The Technology and Economics of Methane Production From Geopressured Aquifers
- T.M. Doscher (U. of Southern California) | R.H. Osborne (U. of Southern California) | T. Wilson (U. of Southern California) | S. Rhee (U. of Southern California) | D. Cox (Energy Consulting Assocs.) | V. Kuuskraa (Lewin and Assocs.)
- Document ID
- Society of Petroleum Engineers
- Journal of Petroleum Technology
- Publication Date
- December 1979
- Document Type
- Journal Paper
- 1,502 - 1,514
- 1979. Society of Petroleum Engineers
- 2.4.3 Sand/Solids Control, 5.1.1 Exploration, Development, Structural Geology, 1.14 Casing and Cementing, 5.3.4 Integration of geomechanics in models, 5.2.1 Phase Behavior and PVT Measurements, 1.6 Drilling Operations, 5.9.2 Geothermal Resources, 5.6.4 Drillstem/Well Testing, 1.2.3 Rock properties, 5.1.2 Faults and Fracture Characterisation, 4.1.5 Processing Equipment, 4.1.2 Separation and Treating, 1.12.6 Drilling Data Management and Standards, 4.2 Pipelines, Flowlines and Risers, 4.3.4 Scale, 4.6 Natural Gas, 5.1.3 Sedimentology, 5.2 Reservoir Fluid Dynamics
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Doscher, T.M., SPE-AIME, U. of Southern California Osborne, R.H., U. of Southern California Wilson, T., U. of Southern California Rhee, S.,* SPE-AIME, U. of Southern California Cox, D., SPE-AIME, Energy Consulting Assocs. Kuuskraa, V., SPE-AIME, Lewin and Assocs.
This study of the economic potential of methane production from geopressured aquifers leads to the conclusion that profitable exploitation of such reservoirs is not likely to occur in the near future, mainly because of the great reservoir size required to sustain economic production rates and the cost of disposing of spent brines.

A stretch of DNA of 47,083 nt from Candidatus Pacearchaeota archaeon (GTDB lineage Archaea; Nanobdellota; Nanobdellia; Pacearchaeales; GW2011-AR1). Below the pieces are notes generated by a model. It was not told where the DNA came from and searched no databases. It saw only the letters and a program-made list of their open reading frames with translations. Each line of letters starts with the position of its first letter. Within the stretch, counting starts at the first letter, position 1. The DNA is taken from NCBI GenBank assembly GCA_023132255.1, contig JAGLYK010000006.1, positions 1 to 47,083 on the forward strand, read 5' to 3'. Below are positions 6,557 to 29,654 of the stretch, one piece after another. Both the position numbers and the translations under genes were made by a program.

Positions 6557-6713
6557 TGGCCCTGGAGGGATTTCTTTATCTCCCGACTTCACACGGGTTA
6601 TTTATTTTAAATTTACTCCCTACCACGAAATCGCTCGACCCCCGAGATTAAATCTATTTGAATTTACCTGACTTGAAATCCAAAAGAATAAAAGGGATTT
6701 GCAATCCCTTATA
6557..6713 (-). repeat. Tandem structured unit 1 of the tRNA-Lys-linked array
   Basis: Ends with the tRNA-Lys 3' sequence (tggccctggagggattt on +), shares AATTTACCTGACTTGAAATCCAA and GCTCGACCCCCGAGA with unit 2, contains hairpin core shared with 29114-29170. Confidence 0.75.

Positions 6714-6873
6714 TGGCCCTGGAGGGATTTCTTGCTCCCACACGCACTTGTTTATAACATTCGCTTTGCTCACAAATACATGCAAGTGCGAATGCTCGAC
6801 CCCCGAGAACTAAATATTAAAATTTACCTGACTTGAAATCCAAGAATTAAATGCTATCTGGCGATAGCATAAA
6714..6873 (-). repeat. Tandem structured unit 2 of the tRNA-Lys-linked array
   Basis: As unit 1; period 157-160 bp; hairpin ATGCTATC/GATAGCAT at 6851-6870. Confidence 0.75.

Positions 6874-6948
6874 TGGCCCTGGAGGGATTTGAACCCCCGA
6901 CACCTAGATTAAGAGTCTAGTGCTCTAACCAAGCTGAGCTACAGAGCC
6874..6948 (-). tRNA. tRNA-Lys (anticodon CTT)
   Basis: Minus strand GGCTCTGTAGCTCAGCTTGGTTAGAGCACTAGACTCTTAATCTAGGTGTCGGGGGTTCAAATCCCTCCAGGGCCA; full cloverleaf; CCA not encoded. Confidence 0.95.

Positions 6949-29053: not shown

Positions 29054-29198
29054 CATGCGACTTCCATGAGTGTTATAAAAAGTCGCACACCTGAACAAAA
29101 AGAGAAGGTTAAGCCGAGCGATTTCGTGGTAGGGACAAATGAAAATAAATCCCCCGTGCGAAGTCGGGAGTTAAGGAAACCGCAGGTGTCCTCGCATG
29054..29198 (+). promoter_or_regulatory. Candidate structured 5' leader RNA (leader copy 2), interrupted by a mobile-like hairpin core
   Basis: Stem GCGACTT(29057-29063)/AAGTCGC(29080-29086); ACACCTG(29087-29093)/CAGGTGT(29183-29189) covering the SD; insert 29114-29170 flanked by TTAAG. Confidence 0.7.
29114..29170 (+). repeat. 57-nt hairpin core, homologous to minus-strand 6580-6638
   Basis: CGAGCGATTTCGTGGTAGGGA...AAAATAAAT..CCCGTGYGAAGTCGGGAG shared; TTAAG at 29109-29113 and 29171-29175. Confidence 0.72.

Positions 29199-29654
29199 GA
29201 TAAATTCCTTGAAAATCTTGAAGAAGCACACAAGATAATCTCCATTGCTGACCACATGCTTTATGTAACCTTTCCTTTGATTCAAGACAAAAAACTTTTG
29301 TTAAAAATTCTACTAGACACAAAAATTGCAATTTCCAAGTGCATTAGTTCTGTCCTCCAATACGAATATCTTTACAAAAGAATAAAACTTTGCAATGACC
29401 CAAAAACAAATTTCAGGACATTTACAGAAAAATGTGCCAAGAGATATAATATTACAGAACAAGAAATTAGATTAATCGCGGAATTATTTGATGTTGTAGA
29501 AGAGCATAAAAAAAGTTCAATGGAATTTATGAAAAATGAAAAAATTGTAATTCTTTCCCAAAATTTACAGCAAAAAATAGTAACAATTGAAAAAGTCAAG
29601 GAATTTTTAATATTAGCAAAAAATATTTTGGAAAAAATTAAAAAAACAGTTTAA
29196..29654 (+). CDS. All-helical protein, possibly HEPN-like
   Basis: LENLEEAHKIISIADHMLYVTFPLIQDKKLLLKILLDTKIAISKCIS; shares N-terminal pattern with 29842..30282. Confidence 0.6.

The purpose of this study was to estimate the cost of producing methane (natural gas) from geopressured producing methane (natural gas) from geopressured aquifers inland from and along the coast of the Gulf of Mexico. No other economic values of the geopressured brines were considered for exploitation. There were several component tasks of such an overall analysis that had to be completed in order to arrive at the final conclusion. 1. An estimate of the reservoir parameters of the geopressured aquifers: areal extent, net thickness of productive sand, porosity, permeability, and effective compressibility. These parameters determine the production rates and the total recovery that may be expected within an economic time frame. 2. An estimate of the production rates and cumulative production of geopressured aquifers having reservoir properties in the range of values determined by the first task. 3. An estimate of the operating and capital costs of drilling wells and producing such geopressured aquifers. A significant part of the operating costs is the cost of disposing of large quantities of produced brines following desorption of the methane. 4. An estimate of the sales price of the recovered methane using appropriate discount rates. This study has revealed that the selling costs of methane recoverable from geopressured brines, before federal income taxes and the amortization of development costs prior to commercialization, would range from $4 to $15/Mcf and possibly higher. These results follow from the ranges of the values that could be attributed to the various reservoir parameters and the application of reservoir parameters and the application of reservoir engineering principles. A 15% rate of return was set as the reward for the capital investment before imposition of federal taxes and precommercialization development costs. Capital and operating costs are those prevailing during 1977, except for the direct cost of energy used in the field. The cost of Btu's was equated to that determined from the selling price of methane predicted by this analysis. The operation was assumed viable for a period of 20 years. It is impossible to determine the most likely price of the rather wide range of selling prices stated above. All but one of the parameters that affect productivity and, therefore, cost can be assigned a productivity and, therefore, cost can be assigned a most likely value as the result of our study. However, the value of one critical parameter can be set at this time only by analogy with the reported parameters of oil and gas reservoirs. That parameter is the area of the reservoir from which at least one well is required to drain the geopressured aquifer.
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